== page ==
• a hermetically sealed mobile hard disk drive having high performance and capacity with ultra low power consumption.
    • a hermetically sealed mobile hard disk drive whose performance is immune to its surrounding environment.
    • a hermetically sealed mobile hard disk drive which can be battery powered and recharged when attached to a bus.
    • a hermetically sealed mobile hard disk drive where the key and enabling components are manufactured using processes and equipment common to the semiconductor industry.
    • a hermetically sealed mobile hard disk drive with a variable speed single or dual rotor spindle motor having near continuous torque control.
    • a hermetically sealed mobile hard disk drive which can be configured with single or dual actuators.
    • a hermetically sealed mobile hard disk drive with the actuator and spindle assemblies enclosed in a hermetically sealed chamber which has been filled with a low viscosity gas, at below ambient pressure, to reduce power and enhance performance.
    • a hermetically sealed mobile hard disk drive ideally suited for emerging high areal density recording.

Although the description above contains many specifications, these should not be construed as limiting the scope of the invention but as merely providing illustrations of some of the presently preferred embodiments of this invention. Many other variations are possible. For example the integrated base and actuator arm could be made from other materials, use other semiconductor processes, have other electrical components and have different shape and sizes.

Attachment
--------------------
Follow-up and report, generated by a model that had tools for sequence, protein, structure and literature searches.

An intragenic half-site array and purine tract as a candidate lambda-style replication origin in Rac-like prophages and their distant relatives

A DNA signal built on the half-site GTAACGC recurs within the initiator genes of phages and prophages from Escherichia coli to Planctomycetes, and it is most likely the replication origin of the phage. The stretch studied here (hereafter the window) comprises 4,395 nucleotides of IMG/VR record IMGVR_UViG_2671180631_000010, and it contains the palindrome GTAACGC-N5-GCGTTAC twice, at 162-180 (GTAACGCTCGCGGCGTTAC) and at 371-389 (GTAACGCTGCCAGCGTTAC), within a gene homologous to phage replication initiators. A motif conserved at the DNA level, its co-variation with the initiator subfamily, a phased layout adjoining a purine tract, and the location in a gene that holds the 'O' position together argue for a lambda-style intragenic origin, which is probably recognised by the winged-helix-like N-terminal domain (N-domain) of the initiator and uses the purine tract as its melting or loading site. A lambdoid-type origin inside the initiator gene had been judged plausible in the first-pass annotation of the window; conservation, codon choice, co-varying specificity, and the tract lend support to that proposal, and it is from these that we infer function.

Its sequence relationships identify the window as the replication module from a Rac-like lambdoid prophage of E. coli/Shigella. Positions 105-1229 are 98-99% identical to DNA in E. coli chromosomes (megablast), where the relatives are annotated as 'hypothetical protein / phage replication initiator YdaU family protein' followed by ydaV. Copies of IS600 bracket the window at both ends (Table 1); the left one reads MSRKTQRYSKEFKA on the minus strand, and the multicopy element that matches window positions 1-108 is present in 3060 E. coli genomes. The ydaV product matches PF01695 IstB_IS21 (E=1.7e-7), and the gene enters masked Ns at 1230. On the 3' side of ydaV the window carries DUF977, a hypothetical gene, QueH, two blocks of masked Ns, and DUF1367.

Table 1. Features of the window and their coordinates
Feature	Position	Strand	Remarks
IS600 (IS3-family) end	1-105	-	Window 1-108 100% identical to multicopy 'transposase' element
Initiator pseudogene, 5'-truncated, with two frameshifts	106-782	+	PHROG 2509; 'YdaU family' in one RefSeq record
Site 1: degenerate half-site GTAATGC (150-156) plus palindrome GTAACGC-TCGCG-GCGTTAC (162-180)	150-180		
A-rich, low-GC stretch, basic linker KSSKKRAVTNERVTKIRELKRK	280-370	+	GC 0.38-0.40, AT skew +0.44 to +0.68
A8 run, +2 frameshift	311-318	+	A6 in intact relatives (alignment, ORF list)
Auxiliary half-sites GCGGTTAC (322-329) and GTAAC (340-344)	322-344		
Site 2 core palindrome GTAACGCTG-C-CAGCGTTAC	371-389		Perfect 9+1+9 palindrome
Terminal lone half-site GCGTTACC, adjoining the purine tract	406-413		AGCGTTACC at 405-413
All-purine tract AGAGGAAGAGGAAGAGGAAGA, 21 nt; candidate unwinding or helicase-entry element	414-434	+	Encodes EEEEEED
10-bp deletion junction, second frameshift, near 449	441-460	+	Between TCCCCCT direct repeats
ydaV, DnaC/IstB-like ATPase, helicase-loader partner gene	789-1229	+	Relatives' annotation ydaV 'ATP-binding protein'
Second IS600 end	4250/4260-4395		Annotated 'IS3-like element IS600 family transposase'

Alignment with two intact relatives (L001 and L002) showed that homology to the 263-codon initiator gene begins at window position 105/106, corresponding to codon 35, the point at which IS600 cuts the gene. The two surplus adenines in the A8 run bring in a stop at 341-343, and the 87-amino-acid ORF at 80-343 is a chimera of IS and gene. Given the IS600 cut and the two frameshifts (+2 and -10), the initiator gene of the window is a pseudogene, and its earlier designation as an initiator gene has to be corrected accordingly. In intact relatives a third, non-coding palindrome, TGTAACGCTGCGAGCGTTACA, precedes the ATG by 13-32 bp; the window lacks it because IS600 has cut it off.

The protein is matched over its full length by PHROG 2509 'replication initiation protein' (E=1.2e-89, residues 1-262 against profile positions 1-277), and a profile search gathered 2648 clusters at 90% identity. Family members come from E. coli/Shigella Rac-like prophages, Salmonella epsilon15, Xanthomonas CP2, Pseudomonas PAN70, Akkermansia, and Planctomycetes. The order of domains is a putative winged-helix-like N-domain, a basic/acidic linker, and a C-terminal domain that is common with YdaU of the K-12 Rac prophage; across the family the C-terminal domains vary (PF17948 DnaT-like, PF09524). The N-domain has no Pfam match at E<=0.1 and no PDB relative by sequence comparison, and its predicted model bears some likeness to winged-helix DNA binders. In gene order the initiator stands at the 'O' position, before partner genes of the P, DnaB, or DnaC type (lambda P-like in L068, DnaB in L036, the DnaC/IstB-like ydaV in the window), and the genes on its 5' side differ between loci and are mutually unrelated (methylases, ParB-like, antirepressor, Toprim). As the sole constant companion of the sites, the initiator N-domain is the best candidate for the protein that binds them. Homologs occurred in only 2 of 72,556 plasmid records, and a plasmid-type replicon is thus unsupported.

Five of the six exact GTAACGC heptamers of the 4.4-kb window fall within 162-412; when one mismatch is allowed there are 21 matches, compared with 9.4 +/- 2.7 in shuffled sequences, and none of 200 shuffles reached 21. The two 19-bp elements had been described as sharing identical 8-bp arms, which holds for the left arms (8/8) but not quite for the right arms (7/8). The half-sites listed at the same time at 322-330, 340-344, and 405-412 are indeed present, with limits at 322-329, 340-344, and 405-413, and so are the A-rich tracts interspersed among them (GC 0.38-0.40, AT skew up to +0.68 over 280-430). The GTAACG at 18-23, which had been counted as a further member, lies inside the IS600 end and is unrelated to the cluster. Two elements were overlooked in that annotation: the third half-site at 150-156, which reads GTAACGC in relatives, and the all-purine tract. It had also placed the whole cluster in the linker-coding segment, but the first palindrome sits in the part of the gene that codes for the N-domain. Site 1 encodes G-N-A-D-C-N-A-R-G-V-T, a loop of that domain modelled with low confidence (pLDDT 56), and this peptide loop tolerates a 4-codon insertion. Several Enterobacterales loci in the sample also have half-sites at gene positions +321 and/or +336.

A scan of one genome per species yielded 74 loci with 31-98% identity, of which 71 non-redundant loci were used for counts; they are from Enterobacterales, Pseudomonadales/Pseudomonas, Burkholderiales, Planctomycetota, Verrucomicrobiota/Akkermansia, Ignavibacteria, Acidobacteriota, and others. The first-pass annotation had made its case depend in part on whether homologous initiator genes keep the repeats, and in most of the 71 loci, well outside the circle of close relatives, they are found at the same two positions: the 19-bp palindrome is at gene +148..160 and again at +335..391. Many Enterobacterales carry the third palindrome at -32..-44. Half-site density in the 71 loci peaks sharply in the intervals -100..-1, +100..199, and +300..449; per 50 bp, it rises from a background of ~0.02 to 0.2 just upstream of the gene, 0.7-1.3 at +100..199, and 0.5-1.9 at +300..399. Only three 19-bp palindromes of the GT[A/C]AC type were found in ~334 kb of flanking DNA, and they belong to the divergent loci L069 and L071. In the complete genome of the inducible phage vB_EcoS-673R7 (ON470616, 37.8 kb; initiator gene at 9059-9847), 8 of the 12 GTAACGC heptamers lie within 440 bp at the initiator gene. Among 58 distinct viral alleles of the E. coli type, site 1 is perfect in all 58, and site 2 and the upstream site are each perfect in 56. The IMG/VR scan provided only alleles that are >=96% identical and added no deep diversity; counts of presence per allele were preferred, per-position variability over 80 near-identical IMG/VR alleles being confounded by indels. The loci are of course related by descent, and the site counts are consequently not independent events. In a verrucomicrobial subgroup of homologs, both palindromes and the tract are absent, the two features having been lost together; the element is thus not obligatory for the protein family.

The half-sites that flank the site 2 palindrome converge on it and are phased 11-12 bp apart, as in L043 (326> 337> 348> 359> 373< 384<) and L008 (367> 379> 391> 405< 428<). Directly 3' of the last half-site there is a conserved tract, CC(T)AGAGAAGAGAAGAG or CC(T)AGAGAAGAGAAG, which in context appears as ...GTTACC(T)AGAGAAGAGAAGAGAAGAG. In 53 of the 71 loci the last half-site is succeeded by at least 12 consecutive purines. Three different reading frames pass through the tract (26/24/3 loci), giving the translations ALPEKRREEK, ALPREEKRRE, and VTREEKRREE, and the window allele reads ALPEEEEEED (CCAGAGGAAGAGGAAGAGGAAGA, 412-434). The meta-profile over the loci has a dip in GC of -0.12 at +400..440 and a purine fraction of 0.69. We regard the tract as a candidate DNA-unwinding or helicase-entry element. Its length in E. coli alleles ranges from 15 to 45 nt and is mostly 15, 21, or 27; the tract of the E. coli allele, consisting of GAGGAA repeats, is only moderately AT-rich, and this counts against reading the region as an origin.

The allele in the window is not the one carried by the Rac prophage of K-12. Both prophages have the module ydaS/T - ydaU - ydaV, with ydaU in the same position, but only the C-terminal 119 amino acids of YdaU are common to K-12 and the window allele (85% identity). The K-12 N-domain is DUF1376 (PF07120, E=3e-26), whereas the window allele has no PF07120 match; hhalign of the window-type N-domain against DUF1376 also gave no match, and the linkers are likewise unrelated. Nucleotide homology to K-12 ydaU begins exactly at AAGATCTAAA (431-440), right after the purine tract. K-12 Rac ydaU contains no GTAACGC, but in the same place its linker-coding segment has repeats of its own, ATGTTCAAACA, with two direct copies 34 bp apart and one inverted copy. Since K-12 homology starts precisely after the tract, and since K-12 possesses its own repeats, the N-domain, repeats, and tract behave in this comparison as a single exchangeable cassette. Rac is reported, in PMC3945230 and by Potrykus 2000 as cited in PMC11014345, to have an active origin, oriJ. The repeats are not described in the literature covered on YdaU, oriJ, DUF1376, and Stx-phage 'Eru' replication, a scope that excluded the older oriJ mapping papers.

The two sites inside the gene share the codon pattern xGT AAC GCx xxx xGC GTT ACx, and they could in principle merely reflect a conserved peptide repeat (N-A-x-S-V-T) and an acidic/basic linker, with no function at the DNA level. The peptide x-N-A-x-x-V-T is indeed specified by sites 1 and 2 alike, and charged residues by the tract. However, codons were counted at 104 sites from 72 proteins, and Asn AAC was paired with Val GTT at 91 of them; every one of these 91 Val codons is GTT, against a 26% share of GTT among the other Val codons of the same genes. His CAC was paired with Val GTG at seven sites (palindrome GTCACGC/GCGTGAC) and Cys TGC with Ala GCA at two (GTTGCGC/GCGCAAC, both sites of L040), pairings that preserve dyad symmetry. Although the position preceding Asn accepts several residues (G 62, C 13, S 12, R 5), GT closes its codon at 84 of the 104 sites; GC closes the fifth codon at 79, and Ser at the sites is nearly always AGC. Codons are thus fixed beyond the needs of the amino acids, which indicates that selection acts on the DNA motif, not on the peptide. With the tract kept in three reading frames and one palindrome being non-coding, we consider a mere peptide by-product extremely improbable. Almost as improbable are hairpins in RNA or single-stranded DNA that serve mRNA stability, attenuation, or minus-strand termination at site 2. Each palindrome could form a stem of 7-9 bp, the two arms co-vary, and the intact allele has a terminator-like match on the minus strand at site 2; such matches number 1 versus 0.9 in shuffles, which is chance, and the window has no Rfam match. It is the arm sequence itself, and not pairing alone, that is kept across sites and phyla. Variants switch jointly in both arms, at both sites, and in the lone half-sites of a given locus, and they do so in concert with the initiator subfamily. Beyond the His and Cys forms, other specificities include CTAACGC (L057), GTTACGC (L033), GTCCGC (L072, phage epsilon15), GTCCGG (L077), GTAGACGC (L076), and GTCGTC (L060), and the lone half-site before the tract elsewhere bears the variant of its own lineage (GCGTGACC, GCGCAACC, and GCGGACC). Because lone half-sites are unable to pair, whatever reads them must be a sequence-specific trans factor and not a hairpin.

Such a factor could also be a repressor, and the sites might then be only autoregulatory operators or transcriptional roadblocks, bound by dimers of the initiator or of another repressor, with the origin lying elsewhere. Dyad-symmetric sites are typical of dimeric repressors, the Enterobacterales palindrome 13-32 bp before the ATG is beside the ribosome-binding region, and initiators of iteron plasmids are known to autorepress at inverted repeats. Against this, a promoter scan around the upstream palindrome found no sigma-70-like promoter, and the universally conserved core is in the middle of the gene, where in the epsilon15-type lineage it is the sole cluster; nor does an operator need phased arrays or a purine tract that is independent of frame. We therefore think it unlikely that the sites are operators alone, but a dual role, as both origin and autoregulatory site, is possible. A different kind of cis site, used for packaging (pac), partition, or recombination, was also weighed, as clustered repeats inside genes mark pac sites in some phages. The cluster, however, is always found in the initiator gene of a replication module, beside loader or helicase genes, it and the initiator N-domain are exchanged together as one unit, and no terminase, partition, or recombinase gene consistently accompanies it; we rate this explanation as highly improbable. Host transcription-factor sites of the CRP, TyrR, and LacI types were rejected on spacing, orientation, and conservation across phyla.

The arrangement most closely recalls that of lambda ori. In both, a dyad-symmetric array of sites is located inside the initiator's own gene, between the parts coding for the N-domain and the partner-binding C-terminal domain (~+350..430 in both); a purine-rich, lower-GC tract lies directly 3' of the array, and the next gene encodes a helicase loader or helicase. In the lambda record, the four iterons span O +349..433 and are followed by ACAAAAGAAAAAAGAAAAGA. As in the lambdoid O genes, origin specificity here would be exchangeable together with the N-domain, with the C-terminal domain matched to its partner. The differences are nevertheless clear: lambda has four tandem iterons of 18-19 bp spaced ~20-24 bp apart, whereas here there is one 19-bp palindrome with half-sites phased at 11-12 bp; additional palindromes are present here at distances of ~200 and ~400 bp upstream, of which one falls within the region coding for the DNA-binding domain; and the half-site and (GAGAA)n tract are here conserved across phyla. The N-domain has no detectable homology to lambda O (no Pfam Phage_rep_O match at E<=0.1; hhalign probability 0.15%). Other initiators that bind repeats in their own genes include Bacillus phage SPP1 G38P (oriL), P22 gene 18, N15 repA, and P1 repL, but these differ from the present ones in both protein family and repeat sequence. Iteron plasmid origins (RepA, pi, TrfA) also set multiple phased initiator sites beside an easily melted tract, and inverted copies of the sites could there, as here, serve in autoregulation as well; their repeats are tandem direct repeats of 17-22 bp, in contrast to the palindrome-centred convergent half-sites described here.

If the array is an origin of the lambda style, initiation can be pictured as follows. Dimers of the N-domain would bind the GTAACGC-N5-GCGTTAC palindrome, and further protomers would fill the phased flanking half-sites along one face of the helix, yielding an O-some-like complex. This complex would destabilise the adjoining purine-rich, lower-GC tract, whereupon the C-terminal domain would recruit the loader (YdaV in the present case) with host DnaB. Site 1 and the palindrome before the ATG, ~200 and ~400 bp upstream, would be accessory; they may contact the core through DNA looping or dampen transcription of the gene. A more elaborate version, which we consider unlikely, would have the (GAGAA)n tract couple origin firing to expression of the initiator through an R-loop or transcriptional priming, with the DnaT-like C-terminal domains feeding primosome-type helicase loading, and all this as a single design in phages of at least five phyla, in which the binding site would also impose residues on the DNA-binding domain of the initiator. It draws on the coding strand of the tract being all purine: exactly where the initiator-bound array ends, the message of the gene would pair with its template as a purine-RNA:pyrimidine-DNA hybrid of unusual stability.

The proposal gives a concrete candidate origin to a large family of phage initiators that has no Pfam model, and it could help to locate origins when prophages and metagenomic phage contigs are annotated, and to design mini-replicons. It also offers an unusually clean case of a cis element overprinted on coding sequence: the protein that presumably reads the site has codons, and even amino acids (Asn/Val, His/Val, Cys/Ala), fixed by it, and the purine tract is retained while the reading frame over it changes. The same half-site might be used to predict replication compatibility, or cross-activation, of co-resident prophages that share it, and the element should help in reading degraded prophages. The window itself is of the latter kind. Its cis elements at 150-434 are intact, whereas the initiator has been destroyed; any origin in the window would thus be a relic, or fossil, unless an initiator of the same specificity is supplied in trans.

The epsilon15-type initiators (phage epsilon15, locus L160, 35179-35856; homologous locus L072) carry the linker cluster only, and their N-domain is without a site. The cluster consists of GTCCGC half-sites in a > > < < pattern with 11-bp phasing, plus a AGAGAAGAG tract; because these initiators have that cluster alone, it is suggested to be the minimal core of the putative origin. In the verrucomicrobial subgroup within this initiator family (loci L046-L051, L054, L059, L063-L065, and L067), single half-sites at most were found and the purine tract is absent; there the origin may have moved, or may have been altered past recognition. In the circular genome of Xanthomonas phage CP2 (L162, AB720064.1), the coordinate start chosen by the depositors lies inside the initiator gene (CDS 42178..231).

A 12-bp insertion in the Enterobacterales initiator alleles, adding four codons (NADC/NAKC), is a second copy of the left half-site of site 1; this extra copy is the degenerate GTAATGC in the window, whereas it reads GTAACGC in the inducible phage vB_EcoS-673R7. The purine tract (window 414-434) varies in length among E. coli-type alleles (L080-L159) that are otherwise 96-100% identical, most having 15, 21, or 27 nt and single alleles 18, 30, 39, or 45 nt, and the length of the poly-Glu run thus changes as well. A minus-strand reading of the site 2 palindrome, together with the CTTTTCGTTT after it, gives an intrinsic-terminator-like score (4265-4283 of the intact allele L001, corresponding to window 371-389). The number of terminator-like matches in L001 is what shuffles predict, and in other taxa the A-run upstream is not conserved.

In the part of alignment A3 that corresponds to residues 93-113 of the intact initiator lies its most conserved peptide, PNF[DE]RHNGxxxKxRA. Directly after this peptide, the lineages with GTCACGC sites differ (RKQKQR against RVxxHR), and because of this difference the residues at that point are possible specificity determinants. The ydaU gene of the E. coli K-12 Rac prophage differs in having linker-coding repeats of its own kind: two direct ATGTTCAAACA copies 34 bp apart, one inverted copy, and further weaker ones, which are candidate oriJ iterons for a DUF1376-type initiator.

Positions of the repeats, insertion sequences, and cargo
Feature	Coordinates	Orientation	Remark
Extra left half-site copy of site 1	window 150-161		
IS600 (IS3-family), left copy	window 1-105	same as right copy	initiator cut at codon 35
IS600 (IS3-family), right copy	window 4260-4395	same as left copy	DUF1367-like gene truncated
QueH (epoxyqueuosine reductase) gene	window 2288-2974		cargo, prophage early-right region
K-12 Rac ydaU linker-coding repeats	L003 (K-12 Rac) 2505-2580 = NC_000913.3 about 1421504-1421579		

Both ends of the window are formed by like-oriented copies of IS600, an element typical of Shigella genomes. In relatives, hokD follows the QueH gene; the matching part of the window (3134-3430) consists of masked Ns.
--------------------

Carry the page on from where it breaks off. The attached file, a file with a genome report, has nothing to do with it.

Accordingly, the scope of the invention should be determined not by the embodiments illustrated, but by the appended claims and their legal equivalents.

Patent Citations
Cited PatentFiling datePublication dateApplicantTitle
US5454157 *Jan 10, 1994Oct 3, 1995Maxtor CorporationMethod of manufacturing a hermetically sealed disk drive
US6275363 *Jul 23, 1999Aug 14, 2001International Business Machines CorporationRead head with dual tunnel junction sensor
Classifications
U.S. Classification29/603.16, 205/122, 451/5, 29/417, 427/127, 29/603.15, 29/603.18, G9B/5.036, 427/128, 451/41, 360/99.08, 205/119, G9B/33.045, G9B/25.003, G9B/33.026, 360/99.21
International ClassificationH04R31/00, G11B5/127
Cooperative ClassificationG11B33/12, G11B5/102, G11B33/1466, G11B25/043
European ClassificationG11B25/04R, G11B33/14C6, G11B5/10A, G11B33/12
Legal Events
DateCodeEventDescription
Sep 28, 2010FPAYFee payment
Year of fee payment: 4